Think Out Loud

Residents of a coastal RV park in Washington face housing uncertainty

By Elizabeth Castillo (OPB)
June 1, 2022 5:57 p.m. Updated: June 10, 2022 3:20 a.m.

Broadcast: Wednesday, June 1

Tenants of an RV park in Ilwaco, Washington, north of Astoria, say they have faced threats of eviction after the sale of the RV park to a new owner this spring. The tenants are largely low-income and represent some of the city’s most vulnerable residents. If tenants are forced to leave, the options for some may be limited. Katie Frankowicz, news director at KMUN in Astoria, joins us to share her reporting on this story.


Note: This transcript was computer generated and edited by a volunteer

Dave Miller: This is Think Out Loud on OPB. I’m Dave Miller. A few weeks ago, the city council in Ilwaco, Washington, on the Long Beach Peninsula, met to talk about declaring a housing emergency. They are obviously not alone, a lack of affordable housing or workforce housing has led cities up and down the west coast to make similar declarations. But there was a dark irony in Ilwaco’s situation, because even while city leaders were considering their declaration, local residents of an RV park say they could be forced out of their affordable homes with no other obvious options available. Katie Frankowicz has been reporting on this as the news director for the radio station KMUN in Astoria, and she joined us recently to talk about it. I asked her how many people currently live in the RV park.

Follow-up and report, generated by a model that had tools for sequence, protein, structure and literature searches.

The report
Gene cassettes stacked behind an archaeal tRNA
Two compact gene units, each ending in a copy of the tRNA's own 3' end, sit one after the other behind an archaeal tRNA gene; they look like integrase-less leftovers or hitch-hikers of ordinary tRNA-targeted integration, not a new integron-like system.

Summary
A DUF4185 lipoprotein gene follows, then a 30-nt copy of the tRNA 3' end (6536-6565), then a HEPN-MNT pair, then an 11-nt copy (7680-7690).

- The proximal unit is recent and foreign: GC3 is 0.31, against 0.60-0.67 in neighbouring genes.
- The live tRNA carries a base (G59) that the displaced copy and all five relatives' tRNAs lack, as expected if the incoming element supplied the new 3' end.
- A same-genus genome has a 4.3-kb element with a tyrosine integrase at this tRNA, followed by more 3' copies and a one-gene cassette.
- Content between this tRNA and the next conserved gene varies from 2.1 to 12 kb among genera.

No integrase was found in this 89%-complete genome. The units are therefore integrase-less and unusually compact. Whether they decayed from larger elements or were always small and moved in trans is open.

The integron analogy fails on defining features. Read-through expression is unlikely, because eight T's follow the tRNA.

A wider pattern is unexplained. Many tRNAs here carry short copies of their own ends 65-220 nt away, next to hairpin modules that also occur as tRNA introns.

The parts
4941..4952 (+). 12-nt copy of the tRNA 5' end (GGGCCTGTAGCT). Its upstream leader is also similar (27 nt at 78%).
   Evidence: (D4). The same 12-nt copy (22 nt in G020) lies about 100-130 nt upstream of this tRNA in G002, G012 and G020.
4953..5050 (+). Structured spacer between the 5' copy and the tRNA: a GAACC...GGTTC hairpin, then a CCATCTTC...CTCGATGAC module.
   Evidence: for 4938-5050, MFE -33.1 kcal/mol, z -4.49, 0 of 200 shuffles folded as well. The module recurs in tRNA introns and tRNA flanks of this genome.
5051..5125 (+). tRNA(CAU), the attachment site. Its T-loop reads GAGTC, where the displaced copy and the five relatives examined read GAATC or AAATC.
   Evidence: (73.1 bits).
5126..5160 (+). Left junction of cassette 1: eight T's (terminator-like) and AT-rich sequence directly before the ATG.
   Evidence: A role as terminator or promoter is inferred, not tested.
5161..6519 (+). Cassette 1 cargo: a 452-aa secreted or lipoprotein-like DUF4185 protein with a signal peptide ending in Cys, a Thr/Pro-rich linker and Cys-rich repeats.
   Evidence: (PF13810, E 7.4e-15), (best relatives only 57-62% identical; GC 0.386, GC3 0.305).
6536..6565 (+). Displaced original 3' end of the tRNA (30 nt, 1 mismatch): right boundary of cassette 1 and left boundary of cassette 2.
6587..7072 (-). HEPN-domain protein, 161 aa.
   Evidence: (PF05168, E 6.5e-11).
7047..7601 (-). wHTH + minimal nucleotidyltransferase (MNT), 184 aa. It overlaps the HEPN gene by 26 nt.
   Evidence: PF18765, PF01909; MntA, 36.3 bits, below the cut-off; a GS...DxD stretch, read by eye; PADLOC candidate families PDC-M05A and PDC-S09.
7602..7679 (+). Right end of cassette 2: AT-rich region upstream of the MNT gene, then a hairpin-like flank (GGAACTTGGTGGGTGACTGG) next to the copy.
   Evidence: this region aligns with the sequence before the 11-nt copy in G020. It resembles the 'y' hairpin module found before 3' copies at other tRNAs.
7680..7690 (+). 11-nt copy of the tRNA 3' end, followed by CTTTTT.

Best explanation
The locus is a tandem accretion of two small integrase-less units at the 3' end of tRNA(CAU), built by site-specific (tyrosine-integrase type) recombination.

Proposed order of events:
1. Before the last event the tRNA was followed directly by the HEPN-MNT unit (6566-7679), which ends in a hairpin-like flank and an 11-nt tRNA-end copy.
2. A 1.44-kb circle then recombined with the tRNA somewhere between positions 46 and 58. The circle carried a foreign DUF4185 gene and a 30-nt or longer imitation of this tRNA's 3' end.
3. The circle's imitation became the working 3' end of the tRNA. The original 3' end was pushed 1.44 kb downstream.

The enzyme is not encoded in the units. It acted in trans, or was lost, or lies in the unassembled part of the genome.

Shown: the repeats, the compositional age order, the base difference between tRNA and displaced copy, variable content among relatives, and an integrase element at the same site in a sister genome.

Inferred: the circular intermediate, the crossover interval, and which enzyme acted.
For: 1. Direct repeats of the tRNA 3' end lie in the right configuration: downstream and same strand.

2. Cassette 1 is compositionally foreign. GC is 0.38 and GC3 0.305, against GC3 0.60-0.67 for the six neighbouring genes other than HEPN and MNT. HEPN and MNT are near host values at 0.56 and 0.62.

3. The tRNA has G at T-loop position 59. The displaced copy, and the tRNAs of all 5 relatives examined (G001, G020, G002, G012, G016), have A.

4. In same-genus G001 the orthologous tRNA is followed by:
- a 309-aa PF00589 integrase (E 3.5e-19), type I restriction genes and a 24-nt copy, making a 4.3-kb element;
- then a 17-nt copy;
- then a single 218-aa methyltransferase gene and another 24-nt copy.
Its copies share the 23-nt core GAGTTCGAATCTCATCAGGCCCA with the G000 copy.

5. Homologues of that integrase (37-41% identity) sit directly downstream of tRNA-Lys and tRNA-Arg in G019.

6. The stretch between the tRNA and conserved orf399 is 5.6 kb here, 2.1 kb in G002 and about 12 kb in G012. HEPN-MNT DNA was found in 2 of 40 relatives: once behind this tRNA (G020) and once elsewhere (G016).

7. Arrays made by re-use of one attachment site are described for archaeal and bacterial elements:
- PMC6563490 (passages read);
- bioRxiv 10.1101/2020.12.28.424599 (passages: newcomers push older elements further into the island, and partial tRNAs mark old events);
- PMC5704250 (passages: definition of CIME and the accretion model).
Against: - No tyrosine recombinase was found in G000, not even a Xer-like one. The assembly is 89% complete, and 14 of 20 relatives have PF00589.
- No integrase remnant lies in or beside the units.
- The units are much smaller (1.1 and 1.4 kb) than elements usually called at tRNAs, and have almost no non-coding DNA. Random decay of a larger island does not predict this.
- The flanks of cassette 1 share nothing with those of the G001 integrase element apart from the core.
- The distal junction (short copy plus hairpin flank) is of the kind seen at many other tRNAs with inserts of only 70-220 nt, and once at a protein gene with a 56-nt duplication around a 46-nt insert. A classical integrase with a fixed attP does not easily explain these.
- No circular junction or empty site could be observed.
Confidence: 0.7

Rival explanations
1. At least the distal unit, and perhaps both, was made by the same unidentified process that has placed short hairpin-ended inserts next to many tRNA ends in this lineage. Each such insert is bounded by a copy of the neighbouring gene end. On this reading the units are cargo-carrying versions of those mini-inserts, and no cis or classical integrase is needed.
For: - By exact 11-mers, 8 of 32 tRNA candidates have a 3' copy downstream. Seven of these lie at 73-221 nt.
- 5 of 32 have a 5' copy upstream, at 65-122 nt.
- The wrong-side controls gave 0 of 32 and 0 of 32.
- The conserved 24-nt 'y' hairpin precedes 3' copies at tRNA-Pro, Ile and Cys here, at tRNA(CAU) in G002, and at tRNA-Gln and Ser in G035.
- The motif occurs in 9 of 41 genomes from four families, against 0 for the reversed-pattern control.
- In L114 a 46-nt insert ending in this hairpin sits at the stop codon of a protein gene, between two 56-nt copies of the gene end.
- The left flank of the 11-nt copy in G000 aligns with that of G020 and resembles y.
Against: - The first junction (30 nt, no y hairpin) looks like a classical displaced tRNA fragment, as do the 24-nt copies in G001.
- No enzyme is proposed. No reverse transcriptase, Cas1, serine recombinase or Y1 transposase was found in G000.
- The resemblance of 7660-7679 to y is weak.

Katie Frankowicz: So the numbers kind of vary. There are 60 sites essentially for RVs to be at. So at the very basic level you’re talking 60 people. But in most of these RVs, you have multiple people living in them. I shouldn’t say most … many of these RVs, you have multiple people living in them. So some estimates I’ve heard is that there could have been as many as 100 people living in that park at any given time. You know, it ranges in terms of how many people are there, year to year, versus maybe just a couple of months. It can really vary a lot, but anywhere between 40 and 100 people.

Miller: How big is Ilwaco, itself?

Frankowicz: Ilwaco hovers around 1,000. It’s up a little bit right now after the last census, but I mean if you’re comparing it with the RV arpk, that’s potentially 10% of the population that’s down at this RV park and 10% of the city’s most vulnerable population.